(Incidentally, private fundraisers are proving to be a boon for political journalism. That is where Romney talked about the 47% and Obama talked about people clinging to their guns and religion.)

Of course, Giuliani is not especially relevant nowadays, so the liberal media are using his comments to attack the candidacy of Governor Walker, who, according to the Washington Post, sat spinelessly at the fundraiser where the calumny was spoken.

The NY Times in a follow-up interview had Giuliani respond to charges that he was prejudiced:

  • Some people thought it was racist — I thought that was a joke, since he was brought up by a white mother, a white grandfather, went to white schools, and most of this he learned from white people. This isn’t racism. This is socialism or possibly anti-colonialism.”

(The Times outrageously titled this article, “Giuliani: Obama Had a White Mother, So I’m Not a Racist.”  Talk about taking something out of context.)

Giuliani also challenged reporters to find examples of Mr. Obama expressing love for his country:

  • I’m happy for him to give a speech where he talks about what’s good about America and doesn’t include all the criticism…. I want an American president to raise our spirits again, like a Ronald Reagan…. What I don’t find with Obama — this will get me in more trouble again — is a really deep knowledge of history. I think it’s a dilettante’s knowledge of history.”

Not surprisingly, this challenge has gone unanswered.

It’s impossible to know what is in someone’s heart, and Christians are frequently enjoined from judging others (judge not, lest ye be judged), but I think politics are different. Voters must make judgments in choosing who to follow.

I blogged previously about President Obama, American exceptionalism, and patriotism, and I believe Giuliana’s charge is essentially the same thing as those earlier charges that President Obama didn’t believe in American exceptionalism, or that he wasn’t patriotic because he refused to wear a flag in his lapel, or that Michelle Obama in 2008 responded to her husband’s electoral success by saying, “For the first time in my adult lifetime, I’m really proud of my country, and not just because Barack has done well, but because I think people are hungry for change.”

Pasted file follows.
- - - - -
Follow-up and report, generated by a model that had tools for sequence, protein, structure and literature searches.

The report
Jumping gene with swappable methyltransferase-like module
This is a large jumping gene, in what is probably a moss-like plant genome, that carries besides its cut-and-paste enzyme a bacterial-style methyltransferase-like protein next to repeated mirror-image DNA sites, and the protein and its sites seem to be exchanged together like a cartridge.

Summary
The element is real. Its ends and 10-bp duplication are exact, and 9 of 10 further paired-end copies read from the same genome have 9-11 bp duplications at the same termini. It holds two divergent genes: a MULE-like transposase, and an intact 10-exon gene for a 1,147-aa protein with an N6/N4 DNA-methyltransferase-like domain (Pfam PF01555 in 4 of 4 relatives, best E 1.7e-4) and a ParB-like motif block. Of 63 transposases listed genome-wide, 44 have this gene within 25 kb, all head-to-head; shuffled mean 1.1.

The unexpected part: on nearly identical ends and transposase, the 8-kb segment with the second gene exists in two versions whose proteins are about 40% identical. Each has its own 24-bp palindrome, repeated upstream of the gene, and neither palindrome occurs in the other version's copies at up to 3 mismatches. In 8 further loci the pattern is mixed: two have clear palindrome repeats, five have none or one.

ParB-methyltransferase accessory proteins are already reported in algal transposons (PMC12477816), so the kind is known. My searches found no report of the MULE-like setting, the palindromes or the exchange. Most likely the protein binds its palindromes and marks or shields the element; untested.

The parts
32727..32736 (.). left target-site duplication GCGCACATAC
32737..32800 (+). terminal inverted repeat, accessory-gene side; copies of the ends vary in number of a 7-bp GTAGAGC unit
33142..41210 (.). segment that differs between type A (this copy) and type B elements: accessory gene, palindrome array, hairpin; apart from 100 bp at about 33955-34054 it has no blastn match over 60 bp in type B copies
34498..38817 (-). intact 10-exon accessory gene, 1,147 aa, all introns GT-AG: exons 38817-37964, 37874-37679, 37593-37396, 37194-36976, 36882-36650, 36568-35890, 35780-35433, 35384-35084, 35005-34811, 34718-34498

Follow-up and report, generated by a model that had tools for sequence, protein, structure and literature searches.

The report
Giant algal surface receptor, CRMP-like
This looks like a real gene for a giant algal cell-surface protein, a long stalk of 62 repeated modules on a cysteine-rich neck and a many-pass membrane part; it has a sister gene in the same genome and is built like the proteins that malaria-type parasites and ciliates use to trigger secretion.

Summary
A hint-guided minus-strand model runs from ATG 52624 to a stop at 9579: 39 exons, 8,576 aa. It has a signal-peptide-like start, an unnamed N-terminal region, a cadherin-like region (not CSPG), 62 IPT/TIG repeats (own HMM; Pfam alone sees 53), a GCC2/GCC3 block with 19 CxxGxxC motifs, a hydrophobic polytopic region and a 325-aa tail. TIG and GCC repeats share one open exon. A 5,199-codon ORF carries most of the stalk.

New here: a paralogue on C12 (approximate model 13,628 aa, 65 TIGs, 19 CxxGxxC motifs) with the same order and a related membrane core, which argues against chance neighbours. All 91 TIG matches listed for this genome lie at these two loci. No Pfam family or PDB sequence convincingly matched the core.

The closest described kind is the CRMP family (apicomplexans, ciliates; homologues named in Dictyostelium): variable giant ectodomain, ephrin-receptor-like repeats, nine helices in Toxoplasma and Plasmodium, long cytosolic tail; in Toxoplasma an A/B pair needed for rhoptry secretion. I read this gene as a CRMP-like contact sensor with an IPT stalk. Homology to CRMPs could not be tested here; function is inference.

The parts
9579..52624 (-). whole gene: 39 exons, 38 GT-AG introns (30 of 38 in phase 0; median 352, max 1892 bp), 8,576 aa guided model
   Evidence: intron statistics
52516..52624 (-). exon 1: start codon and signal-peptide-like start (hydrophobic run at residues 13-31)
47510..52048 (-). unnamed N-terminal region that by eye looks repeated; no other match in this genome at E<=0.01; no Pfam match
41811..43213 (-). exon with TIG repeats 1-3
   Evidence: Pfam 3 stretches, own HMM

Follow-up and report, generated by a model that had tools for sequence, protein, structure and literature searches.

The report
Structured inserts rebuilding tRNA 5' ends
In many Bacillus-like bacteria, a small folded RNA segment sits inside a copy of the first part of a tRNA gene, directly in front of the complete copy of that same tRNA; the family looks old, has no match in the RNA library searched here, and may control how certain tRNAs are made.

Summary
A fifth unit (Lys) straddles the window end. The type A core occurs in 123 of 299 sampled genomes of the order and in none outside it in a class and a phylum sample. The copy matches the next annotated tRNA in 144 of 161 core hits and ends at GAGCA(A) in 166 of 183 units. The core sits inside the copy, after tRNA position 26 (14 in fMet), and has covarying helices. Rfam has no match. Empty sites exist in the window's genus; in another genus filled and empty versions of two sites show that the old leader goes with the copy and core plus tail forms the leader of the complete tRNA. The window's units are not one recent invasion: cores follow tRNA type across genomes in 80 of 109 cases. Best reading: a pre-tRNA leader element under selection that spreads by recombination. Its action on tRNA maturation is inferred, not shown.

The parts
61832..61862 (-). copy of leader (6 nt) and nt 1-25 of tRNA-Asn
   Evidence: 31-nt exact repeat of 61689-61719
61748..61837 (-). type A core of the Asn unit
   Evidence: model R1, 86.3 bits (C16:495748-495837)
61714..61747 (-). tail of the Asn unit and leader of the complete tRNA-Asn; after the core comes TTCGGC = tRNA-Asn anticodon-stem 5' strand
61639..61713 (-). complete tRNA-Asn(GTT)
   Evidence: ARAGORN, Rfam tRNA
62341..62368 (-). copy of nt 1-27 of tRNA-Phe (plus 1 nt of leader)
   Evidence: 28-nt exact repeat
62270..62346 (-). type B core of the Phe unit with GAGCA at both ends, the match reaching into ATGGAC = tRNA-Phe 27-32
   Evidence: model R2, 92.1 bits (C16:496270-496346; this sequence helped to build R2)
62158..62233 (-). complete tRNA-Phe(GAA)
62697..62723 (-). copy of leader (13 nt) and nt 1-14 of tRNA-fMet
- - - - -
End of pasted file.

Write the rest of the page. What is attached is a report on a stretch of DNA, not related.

Patriotism or love of country are not “all or nothing” things. Rather, they are continuums. I believe that cosmopolitan progressives are generally not as far on the continuum of patriotic love as are provincial conservatives. And President Obama is by far the most cosmopolitan progressive ever elected president of the United States.

Rudy is probably thinking, “The lady doth protest too much, methinks.”

February 20, 2015

Evaluating art

Filed under: Culture,Entertainment — Mike Kueber @ 4:59 pm
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When I was a kid, George C. Scott refused to accept an Oscar for his role in Patton. Marlon Brando did something similar a couple of years later for his role in The Godfather. Both men refused to treat acting like a sporting contest, with winners and losers.

Today I was reminded of that issue when I read an article in the NY Times regarding the prospects of American Sniper winning the best-picture Oscar.  According to the article, a huge plurality of Americans (42%) think the movie should be awarded the Oscar, with the next highest movie at only 12%. This dominance of American Sniper was also reflected at the box office, where it had grossed more than the combined gross of the other seven nominated film. Despite this support, the article pointed out that sophisticated betting prognosticators give American Sniper less than a 1% chance of winning the best-picture Oscar.

So, how can the American people evaluate a movie so dramatically different than those in the movie industry, i.e., the Oscar voters?

The same sort of issue arose last week when Kanye West voiced his disappointment that the best-album Grammy went to Beck instead of Kanye’s favorite, Beyoncé. According to West, “Beck needs to respect artistry and he should’ve given his award to Beyoncé.”